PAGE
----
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Today is the day that Friends Reunited, the first UK social network, relaunches. The former social networking giant has given itself a lick of paint, and a whole new feel to it, focussing on nostalgia and memories.
What’s difficult to believe is that Friends Reunited, which launched in 2000, was the UK’s first social network and went on to become one of the most popular too; in 2005 it boasted over 15 million users. Then the MySpace’s and the Facebook’s of this world took off, and the rest as they say is history. However, Friends Reunited is back, but will it work?
Cast Your Minds Back
At the turn of the millennium, for anyone that wanted to get in touch with old school friends, or people you knew as you were growing up, Friends Reunited was the place to go. It was the gimmick of being able to get in touch with old friends that made it so successful, and loads of people were on it because of this.
At its height, it was sold to ITV for £175 million. However, it could not keep apace with more technologically advanced social networks like MySpace and Facebook, and so many of its users began to come off and join rival sites. It was sold 4 years later to an online publishing group called Brightsolid (owners of Genes Reunited and Findmypast) for just £25 million. A substantial loss by anyone’s books, not that the previous owner, Steve Pankhurst probably minds; after initially selling up to ITV, he became one of the first dot-com millionaires.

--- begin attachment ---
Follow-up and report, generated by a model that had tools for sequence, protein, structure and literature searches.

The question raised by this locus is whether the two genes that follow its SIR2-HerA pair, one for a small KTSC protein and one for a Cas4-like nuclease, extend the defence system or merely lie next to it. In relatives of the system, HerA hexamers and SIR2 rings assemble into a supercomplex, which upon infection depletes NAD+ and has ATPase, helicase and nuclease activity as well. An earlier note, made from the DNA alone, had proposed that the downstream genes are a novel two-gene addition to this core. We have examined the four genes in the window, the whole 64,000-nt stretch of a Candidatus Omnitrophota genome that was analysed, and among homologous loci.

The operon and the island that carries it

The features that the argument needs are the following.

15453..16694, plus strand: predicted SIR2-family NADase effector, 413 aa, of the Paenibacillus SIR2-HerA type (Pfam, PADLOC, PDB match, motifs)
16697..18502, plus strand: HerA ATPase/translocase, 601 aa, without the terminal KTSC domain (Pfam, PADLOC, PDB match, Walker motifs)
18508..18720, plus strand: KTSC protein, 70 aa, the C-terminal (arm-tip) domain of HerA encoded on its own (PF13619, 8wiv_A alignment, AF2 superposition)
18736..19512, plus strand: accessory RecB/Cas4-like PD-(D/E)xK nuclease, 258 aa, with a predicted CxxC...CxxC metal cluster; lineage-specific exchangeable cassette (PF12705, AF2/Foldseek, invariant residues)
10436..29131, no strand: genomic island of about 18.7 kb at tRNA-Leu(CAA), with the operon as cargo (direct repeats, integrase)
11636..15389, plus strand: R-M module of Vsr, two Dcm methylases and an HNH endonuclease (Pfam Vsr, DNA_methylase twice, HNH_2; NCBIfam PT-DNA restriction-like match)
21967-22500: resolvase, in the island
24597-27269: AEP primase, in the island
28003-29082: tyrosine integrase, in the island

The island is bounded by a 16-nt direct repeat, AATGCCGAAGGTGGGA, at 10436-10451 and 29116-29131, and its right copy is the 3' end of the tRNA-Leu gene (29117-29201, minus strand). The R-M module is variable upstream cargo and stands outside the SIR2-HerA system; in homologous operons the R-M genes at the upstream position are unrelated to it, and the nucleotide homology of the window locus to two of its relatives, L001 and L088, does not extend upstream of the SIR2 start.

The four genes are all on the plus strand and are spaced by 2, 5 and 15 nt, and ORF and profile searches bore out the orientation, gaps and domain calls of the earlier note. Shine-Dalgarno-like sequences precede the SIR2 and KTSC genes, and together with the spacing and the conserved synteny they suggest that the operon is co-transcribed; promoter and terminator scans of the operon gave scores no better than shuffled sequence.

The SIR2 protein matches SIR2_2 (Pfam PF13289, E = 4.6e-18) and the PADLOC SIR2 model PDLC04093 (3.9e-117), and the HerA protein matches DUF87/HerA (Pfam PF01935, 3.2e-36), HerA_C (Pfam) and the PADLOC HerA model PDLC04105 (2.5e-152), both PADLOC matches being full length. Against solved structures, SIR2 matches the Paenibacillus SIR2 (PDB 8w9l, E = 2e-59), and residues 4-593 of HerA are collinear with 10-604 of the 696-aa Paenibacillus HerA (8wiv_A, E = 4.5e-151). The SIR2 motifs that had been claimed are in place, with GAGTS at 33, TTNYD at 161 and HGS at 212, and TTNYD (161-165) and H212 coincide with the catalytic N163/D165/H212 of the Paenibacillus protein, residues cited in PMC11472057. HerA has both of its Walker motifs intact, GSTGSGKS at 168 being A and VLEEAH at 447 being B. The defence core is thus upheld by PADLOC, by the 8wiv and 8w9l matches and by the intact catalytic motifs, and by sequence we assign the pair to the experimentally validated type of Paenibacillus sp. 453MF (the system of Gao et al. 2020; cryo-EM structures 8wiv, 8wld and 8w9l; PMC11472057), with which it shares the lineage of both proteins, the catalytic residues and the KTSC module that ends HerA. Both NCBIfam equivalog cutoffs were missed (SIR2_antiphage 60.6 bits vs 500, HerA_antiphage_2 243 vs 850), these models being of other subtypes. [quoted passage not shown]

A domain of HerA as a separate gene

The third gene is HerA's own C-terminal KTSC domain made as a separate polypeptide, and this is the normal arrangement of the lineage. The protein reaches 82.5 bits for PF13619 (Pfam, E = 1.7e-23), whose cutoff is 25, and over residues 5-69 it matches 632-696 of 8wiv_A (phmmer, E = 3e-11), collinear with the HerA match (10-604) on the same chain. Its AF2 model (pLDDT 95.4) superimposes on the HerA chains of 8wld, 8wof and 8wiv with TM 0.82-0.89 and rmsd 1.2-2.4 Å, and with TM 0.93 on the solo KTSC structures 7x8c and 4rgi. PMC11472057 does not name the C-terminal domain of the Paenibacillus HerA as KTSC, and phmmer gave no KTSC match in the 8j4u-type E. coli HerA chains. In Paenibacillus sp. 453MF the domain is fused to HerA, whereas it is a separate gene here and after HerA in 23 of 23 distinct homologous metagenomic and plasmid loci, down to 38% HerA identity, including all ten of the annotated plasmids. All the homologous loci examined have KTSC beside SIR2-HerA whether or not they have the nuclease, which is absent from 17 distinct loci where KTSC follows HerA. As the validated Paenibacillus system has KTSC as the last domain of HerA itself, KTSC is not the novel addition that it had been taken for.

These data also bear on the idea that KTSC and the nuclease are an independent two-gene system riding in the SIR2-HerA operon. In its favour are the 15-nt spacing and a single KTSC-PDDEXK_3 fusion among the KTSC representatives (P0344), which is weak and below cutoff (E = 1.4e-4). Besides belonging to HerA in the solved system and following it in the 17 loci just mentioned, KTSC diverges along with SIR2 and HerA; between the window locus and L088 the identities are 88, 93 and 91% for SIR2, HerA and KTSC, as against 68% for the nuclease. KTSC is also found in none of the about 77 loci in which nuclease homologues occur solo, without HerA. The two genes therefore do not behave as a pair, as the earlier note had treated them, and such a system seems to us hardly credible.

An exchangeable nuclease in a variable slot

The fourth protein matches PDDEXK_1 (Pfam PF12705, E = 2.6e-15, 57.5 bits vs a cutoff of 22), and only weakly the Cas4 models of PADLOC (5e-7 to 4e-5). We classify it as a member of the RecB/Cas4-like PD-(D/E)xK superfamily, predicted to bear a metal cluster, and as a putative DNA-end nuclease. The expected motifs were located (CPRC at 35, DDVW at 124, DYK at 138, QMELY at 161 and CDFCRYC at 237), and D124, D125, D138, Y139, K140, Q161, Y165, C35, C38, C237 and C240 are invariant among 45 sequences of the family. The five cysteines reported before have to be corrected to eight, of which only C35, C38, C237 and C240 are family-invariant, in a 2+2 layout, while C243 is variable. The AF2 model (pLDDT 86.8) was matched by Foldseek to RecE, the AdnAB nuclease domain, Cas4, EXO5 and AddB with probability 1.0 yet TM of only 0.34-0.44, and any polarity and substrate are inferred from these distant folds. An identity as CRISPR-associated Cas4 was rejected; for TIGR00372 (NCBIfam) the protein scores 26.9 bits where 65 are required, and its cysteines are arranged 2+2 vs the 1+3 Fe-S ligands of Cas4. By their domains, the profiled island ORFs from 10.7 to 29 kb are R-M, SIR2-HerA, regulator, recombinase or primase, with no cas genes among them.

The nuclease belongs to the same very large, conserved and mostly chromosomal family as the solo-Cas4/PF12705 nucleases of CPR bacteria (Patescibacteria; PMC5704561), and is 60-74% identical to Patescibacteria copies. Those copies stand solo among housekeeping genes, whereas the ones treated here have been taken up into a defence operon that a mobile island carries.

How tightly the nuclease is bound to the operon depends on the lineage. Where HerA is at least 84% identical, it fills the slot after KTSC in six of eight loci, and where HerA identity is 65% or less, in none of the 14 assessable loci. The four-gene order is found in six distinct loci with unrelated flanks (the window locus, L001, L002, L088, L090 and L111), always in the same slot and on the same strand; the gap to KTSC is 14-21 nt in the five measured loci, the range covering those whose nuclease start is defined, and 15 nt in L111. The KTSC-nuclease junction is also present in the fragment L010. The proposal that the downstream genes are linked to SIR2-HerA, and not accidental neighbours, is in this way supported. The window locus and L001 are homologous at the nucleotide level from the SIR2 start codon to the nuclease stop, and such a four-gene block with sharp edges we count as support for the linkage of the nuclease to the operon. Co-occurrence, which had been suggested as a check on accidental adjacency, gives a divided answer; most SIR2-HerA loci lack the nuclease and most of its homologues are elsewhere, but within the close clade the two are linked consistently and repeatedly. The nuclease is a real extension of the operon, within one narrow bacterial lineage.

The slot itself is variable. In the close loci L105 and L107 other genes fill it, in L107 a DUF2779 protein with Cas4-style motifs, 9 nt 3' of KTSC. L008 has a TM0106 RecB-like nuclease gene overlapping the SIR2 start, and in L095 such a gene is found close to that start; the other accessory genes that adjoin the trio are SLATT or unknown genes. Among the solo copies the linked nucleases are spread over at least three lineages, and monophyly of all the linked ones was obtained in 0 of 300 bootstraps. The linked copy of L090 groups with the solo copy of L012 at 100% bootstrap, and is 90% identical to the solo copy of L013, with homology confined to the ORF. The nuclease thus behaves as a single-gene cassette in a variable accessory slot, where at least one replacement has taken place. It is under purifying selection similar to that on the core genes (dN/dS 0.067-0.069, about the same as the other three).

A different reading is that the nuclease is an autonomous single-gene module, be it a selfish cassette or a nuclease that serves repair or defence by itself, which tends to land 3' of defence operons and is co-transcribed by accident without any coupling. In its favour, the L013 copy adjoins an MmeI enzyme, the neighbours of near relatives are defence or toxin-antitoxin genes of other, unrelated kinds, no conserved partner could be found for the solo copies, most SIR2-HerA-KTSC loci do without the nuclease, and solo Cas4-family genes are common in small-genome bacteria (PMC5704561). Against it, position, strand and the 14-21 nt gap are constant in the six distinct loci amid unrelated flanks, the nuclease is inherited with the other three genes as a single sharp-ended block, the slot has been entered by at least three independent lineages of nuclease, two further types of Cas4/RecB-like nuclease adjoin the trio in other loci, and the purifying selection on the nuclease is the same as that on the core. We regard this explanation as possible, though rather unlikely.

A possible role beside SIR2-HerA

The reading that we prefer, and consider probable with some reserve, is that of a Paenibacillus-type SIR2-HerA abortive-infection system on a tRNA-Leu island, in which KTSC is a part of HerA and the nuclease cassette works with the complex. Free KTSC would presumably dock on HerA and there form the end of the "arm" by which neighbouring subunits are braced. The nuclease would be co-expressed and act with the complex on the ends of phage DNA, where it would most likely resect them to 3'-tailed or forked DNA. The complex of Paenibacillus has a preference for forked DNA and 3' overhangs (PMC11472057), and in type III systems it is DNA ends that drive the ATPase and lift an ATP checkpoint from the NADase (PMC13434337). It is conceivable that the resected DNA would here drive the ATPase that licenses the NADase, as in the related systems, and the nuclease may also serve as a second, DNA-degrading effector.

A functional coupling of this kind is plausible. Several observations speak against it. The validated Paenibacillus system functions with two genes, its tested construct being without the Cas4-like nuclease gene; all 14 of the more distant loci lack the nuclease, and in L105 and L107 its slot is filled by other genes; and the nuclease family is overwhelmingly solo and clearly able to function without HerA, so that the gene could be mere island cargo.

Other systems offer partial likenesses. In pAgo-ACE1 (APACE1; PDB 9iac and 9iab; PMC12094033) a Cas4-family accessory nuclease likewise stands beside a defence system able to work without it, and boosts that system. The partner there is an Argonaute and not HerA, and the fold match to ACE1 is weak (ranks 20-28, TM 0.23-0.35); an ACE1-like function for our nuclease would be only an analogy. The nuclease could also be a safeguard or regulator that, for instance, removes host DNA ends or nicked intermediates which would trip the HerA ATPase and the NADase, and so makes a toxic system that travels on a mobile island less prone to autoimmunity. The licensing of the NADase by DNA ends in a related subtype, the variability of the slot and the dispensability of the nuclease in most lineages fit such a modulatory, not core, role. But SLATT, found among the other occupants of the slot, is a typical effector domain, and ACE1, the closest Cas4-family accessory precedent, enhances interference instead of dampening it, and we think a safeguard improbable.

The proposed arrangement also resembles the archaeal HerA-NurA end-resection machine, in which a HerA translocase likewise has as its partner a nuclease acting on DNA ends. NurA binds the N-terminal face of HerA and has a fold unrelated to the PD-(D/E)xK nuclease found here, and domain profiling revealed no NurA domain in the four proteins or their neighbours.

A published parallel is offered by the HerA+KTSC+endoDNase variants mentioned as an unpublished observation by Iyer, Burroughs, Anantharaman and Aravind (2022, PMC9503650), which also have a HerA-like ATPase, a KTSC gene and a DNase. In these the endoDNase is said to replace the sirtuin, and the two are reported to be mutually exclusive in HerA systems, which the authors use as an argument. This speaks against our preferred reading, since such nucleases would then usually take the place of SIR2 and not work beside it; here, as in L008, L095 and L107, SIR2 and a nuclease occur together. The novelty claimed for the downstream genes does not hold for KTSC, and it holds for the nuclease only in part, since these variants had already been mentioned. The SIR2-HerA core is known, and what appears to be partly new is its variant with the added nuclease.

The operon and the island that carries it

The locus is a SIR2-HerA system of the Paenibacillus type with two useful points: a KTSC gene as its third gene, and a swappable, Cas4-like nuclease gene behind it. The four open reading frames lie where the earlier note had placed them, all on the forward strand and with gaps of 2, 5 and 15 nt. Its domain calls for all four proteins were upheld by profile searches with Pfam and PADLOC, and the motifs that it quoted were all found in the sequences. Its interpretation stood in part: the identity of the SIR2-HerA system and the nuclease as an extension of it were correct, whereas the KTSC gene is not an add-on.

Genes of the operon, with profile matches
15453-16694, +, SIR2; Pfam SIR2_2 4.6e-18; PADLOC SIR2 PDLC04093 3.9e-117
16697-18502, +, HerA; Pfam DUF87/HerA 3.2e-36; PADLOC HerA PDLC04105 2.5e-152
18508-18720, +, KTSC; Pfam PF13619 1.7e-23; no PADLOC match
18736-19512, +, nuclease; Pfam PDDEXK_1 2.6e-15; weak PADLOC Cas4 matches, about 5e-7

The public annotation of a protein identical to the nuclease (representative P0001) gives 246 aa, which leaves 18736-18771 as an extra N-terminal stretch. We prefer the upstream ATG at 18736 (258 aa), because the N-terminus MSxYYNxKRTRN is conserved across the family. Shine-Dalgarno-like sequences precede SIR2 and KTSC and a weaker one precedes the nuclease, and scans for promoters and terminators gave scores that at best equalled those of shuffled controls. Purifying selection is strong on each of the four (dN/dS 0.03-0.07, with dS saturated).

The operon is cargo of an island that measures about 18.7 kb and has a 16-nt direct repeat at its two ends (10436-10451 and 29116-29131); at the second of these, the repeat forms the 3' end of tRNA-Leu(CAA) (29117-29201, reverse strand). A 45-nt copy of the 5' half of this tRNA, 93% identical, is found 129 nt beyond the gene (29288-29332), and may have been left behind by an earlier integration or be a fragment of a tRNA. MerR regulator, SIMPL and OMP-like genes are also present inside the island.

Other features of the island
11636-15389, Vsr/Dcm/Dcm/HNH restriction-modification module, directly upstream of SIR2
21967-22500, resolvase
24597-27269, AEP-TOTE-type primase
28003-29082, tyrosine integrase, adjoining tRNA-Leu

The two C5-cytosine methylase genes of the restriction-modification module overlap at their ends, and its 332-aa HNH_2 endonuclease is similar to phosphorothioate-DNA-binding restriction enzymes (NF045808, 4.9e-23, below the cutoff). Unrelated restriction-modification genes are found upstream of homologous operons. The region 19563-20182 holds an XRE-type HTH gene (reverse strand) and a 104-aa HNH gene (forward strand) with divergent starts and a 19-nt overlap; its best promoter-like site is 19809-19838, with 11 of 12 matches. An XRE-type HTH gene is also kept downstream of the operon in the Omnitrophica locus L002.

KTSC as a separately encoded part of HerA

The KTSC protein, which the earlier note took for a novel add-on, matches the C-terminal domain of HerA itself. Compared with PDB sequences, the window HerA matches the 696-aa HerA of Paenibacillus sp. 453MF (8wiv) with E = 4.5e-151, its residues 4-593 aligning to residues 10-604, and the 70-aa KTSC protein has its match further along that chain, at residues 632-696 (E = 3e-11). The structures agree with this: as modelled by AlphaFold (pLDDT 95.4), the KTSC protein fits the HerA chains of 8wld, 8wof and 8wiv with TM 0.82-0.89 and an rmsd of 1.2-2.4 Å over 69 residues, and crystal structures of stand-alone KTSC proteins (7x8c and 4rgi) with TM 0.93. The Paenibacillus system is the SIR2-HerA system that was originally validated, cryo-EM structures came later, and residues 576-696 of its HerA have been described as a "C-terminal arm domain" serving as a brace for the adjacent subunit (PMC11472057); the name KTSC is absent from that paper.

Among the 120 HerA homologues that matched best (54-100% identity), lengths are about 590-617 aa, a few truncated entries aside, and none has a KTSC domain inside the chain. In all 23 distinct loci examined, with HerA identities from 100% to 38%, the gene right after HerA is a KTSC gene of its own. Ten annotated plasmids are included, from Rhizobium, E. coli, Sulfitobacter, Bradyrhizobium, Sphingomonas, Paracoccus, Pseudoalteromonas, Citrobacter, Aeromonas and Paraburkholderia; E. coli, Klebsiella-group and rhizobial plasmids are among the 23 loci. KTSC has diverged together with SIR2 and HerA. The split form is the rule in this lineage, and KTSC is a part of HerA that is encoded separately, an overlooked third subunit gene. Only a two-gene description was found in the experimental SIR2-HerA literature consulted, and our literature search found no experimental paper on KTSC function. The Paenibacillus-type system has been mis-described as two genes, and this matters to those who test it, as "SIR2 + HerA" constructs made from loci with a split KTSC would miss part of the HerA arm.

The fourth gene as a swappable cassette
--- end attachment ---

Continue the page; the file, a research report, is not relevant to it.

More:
With that all in the past, Brightsolid aimed to look forward with this new look Friends Reunited. So what’s different? More interactivity? A better look and feel, brining it in line with Facebook? Well, not exactly. By moving forward, Friends Reunited is once again looking at the past.
The new site has a scrapbook based feel to it, where there is plenty of nostalgia and ‘remember when’ moments. All of this has been made possible using the power of images. Friends Reunited have teamed up with the Press Association and Francis Firth Collection to make 350,000 photos available to users. The idea is that these pictures will spark memories, and users can share these with others as a basis for interaction.
Will It Work?
Well, there is a running theme here. Friends Reunited lost its share of the market on the basis that it couldn’t keep up with the likes of Facebook, and at the time, MySpace because they had better technology in place. In other words, this means that you could do so much more on these platforms.
It appears that Friends Reunited hasn’t gone down this route. To some extent, it would be insane to try and replicate a social network like Facebook, so it appears they haven’t tried. Instead they’ve stuck to what they know, and in fairness have provided a great gimmick to get people back onto their site. It’s not exactly something new, but it does offer user’s a platform on which they can share memories.
However, users may only head back on once or twice just to see what other people’s memories were of similar events. Taking a trip down memory lane is something we do from time-to-time, and not necessarily something we do every day. However, is this a generational thing? For younger audiences, who don’t mind being bombarded with messages, Facebook and Twitter is fine, for others, a simpler platform with minimal information may be the way forward, and the new Friends Reunited certainly offers this.
It’s simpler and sleeker. There’s a real focus on privacy, and users can either make their posts public, or to just their contacts. Whilst it might seem primitive in terms of what you can do, I’m guessing that’s the whole point. In this sense, we may see more people, who don’t necessarily like the way Facebook is so intense with its messaging, to come off and switch to Friends Reunited.
Facebook has been known to not sit well with older users, so do we expect the new look Friends Reunited to attract older users? What are your thoughts? Please share below in the comments section.